We had to listen to the above song and then write in response. So, here's mine. It's random. Enjoy.
This piece is mine and mine alone.
Shadows and Regrets
It is an awfully strange thing when a person who meant so much suddenly becomes clippings of moments in your mind. They, as a whole, start to filter from your memory; only very softly at first, so as to not alarm you. Until, suddenly, you’re trying to remember the creases around their eyes, or the way their teeth did not align perfectly, and you find yourself stumped... hollow, terrified that a precious moment has left you, never to return.
It is like that with her. Five years have passed and all those hours that were spent together managed to snake away from me. During those days I would tell my brain to etch certain moments, so that I may never forget the smells, the sounds, the tastes of those minutes, but alas, my mind betrayed me; betrayed her and her memory. I only remember fleeting moments of foolishness now; moments that were so quaint, so miniscule they make my chest ache.
Lying in my pops’ cornfield, I had sat for nearly half an hour tickling her bare arm with a piece of corn, whilst pollen and dust whirled in the sunlight. I don’t remember what she wore that day. Nor do I remember the minutes that surrounded that moment, but I remember something so visibly, and it was how the little hairs on her arms rose with goose bumps as I tickled her golden skin. To think, for years we were company to each other and one of my clearest memories of her are her goose bumps.
Memories are like ghosts. They haunt but do not alleviate suffering. People say ‘at least you have your memories’ but memories are transient. Memories stay with us for a short time only, and then they become a haze. After the haze they morph in to snippets, and then tiny details.
Her favourite perfume, she’d said, was anything that smelt like lilies. She loved lilies and my Ma had always shaken her head at the thought of it, telling her it would bring bad luck. She’d shrug her shoulders, and tuck her hands beneath her bottom. Something she always did when she was trying to hold her tongue. I appreciated that about her.
The wedding had been small, some of my side, some of hers. We’d kissed like it was the first time, embarrassed and fidgety. Her parents were there, so were mine, and so was her grandma; back then, you didn’t want your folks seeing you kiss. I don’t remember the kiss as a picture, no, just the sensation and the smell. Kissing her was like standing in a garden of lilies. The church applauded and we left both our families and our hometown.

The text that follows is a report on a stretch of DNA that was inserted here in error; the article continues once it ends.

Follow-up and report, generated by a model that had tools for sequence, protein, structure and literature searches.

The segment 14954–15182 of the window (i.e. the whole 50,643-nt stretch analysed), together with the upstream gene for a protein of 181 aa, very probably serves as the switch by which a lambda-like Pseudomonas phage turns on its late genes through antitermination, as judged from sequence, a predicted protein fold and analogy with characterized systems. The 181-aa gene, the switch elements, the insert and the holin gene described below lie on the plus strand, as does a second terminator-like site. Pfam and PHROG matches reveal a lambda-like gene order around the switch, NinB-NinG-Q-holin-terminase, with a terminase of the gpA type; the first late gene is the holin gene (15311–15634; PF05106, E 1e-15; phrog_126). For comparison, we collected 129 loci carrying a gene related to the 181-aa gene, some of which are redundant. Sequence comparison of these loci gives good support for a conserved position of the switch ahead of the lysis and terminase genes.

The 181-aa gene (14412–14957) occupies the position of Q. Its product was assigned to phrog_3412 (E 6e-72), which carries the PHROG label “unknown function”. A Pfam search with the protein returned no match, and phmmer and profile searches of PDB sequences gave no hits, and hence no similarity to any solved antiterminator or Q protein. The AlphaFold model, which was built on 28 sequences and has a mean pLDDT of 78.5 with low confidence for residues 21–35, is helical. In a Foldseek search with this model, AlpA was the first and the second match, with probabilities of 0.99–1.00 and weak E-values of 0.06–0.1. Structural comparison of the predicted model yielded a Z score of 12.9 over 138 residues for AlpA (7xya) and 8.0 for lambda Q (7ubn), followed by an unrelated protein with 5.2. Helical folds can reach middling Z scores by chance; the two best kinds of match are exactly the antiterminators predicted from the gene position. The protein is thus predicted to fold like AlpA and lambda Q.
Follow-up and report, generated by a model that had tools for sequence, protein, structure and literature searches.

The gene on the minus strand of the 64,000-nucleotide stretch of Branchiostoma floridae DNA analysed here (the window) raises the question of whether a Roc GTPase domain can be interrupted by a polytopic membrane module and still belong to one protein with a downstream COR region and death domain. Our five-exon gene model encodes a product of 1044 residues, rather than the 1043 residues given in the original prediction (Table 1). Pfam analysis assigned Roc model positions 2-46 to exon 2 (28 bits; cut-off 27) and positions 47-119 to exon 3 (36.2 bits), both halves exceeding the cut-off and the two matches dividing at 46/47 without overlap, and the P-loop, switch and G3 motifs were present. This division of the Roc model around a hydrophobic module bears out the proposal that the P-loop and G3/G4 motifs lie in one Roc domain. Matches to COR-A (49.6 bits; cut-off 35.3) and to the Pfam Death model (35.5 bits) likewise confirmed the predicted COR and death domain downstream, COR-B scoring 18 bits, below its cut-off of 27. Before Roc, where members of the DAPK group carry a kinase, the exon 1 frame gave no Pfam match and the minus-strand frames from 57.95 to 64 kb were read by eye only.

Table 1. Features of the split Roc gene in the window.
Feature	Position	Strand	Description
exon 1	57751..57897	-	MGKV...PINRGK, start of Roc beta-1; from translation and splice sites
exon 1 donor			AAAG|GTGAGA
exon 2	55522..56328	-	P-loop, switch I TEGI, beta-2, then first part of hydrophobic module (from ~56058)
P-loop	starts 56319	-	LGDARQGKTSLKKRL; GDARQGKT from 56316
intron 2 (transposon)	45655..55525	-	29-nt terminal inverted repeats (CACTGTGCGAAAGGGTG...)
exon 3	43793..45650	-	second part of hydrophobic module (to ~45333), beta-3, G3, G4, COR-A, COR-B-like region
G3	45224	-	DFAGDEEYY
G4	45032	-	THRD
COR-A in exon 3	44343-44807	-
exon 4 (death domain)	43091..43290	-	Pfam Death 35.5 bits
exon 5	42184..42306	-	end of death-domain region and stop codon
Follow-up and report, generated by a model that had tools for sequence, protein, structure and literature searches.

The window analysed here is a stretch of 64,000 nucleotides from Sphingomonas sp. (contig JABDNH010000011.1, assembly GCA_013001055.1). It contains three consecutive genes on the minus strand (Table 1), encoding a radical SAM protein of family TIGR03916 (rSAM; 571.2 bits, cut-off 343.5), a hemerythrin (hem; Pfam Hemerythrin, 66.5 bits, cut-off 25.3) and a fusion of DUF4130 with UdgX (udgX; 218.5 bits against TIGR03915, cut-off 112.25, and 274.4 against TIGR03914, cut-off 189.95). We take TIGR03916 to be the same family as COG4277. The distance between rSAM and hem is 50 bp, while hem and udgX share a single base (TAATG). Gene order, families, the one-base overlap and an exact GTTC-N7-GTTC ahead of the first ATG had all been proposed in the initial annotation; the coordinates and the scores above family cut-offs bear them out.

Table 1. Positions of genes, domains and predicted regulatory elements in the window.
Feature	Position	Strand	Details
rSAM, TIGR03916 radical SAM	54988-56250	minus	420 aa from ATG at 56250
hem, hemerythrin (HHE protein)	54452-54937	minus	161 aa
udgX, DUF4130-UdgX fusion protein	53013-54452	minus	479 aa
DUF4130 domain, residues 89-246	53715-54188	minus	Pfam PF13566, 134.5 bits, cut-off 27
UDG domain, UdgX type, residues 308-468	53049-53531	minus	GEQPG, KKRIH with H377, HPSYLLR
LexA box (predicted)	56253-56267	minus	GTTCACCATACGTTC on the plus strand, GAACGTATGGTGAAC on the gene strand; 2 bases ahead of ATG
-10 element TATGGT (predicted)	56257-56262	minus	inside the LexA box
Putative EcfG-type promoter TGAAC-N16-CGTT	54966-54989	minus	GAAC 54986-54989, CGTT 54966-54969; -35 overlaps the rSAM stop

She rarely cried. She had stamina. That first Christmas was a shambles. I’d slaughtered a chicken, a small one that we’d raised, and she burnt it. Burnt it all to hell. How she cried. First it was a trickle and then it came in gushes like she’d been holding in those tears for years. She’d sat on a stool in our kitchen, folded double, her forehead on her knees as she cried. I’d laughed and thrown it out back but she cried and cried. Our first Christmas we ate half burnt roasted potatoes and carrots that had been boiled to mush. The stuffing was undercooked but I ate it and asked for more... looking back, it's probably the best thing I have ever eaten.
A book for Christmas and birthdays. Every year. That’s all she ever wanted, and every year I would buy a book and a bunch of flowers. She’d pick a flower from the bouquet and lay it like a bookmark between the sheets of paper. It would dry there. The shelf now is a graveyard of her reading, and a graveyard of every bunch of flowers that were ever presented with a book.
One child was given and then taken away. She did not cry until the babe was buried. Another child was given and it flourished and grew and she became something else entirely. She was no longer mine only, but shared. Naturally she insisted that this beautiful baby be called Lilly and I could not imagine a name best suited.
We would occasionally find Lilly playing in the cornfields, and as she grew we’d occasionally find her being chased by her best friend. Lilly grew and eventually married her best friend. It seemed that she was a girl who cherished tradition.
If you were to take my memories, of all those years from me right now, you’d compile a book no longer than a novella; a small little book that details goose bumps, burnt chicken, books and lilies. People talk of shadows and regrets but regrets are also memories that will one day be forgotten.
Her last days were spent in a white room, with white sheets and white light. A vase of white lilies sat beside her. I read to her for hours... and she would smile at me for hours. Her wrinkled fingers occasionally touched my wrist to show appreciation. She couldn’t speak in the end, but she knew me. When death took her, she held so tight that he took me too; and so my body waits here like a shadow in this world, surrounded by her books and dead pressed flowers to pass.
Lilly visits regularly and we sit awkwardly not wanting to speak of her. I ask about her day, she asks about mine. We want to talk of her, we’re desperate to, but no words can come without the grief. Lilly kisses me goodnight and leaves me, promising to visit in the next couple of days.
The cornfields wave at me every morning, and every morning I wave back. I’m sure they laugh at my balding head and stooped posture. I wake and sleep hoping to one day tickle her arm again with a piece of corn, and see those goose bumps rise.
When death comes I know that he’ll bring her with him too. My Olivia. We will kiss each other with embarrassment and leave hand in hand; but for now I wait watching those golden cornfields.